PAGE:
Unspoilt countryside, with no commercially grown crops, is also the ideal location for Mêl Gwenyn Gruffydd’s hives at different sites. With an abundance of wildflowers to forage the resulting honey is full of blossom with a rich, deep flavour that develops in the mouth.

100% pure

A good year’s harvest from a wine estate produces fine wines. Similarly, honey from one individual site ensures unique characteristics and qualities from colour to taste. Rees nows farms around 100 hives.

“The easy thing to do would be to blend it all together to make life easier but single origin is important and that’s how it should be enjoyed… just like the bees made it and intended.”

“You don’t want to filter the honey too much either as you want the pollen to be present in it. Honey that is pressure-filtered through a super fine filter takes this and the rest of the goodness away.”

Bees can forage for up to five miles. Photo Mêl Gwenyn Gruffydd.

Honey is alive with enzymes that are destroyed if the honey is pasteurised so Rees recommends looking for a product that is unpasteurised (raw).

Wildflowers are considered the best source for quality honey. Cardiff University’s School of Pharmacy and Pharmaceutical Sciences are using Welsh Wildflower honey in an attempt to find new drugs to treat hospital infections caused by antibiotic resistant superbugs such as MRSA and Clostridium difficile.

A day in the life of a Honey Master Sommelier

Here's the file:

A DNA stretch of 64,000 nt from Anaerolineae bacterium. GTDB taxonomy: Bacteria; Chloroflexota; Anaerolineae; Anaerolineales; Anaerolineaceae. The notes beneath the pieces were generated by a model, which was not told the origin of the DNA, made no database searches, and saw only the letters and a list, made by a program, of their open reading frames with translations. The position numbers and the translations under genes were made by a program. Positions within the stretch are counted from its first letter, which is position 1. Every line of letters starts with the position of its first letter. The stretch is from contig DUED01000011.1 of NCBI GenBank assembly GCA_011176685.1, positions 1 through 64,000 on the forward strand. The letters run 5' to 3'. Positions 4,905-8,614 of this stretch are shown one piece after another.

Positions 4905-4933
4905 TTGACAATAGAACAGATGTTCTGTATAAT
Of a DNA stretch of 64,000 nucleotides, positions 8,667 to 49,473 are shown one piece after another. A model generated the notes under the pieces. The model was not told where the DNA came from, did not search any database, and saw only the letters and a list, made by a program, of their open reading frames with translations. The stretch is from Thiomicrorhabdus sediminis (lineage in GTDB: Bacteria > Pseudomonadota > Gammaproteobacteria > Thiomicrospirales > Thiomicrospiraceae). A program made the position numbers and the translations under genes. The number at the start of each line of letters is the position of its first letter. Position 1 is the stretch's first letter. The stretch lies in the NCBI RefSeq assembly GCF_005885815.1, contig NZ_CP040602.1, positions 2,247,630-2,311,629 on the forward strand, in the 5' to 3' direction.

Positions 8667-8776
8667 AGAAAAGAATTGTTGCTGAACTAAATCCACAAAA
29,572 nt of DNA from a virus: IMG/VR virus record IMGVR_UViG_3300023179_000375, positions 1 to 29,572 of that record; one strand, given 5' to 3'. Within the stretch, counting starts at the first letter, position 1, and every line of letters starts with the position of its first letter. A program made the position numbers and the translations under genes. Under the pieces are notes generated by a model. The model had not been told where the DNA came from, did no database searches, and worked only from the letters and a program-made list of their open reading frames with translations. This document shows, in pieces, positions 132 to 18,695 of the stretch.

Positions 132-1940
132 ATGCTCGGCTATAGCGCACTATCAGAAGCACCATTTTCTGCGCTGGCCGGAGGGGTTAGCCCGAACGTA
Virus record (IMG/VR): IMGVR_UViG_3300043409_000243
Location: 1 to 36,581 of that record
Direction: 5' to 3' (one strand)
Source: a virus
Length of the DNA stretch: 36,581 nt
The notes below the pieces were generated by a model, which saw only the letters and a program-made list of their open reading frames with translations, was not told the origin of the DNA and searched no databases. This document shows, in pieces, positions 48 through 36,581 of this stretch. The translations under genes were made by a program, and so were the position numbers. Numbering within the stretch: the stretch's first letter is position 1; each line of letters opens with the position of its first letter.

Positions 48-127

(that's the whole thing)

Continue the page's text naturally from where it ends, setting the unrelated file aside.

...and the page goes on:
Stackable bee hives for easy access. Photos Mêl Gwenyn Gruffydd.

Technically you need over 40 hives to be called a “beefarmer” in the UK. Rees believes that 100 would be more realistic. “It takes years of learning and a genuine love for the work and the bees to be considered a beefarmer. I would consider a sommelier a beekeeper with enough experience (10 years or so) with a committment to the craft, who has experienced enough crops by then and tasted a lot of varying honey.”

Beekeeping began as a hobby but soon developed into a passion for Rees. When he and Angharad married five years ago they purchased a smallholding and the hobby turned into an independent business.

Single origin honey. Photo Mêl Gwenyn Gruffydd.

A typical day at Mêl Gwenyn Gruffydd involves looking after the bees, managing them and building the equipment. Angharad looks after the business side of things from ‘jarring’ the honey, sending out the orders, marketing and sales, and looking after existing clients. Business is good and they have started purchasing product from other carefully selected, hand picked bee farmers with the different honeys remaining separate and single origin.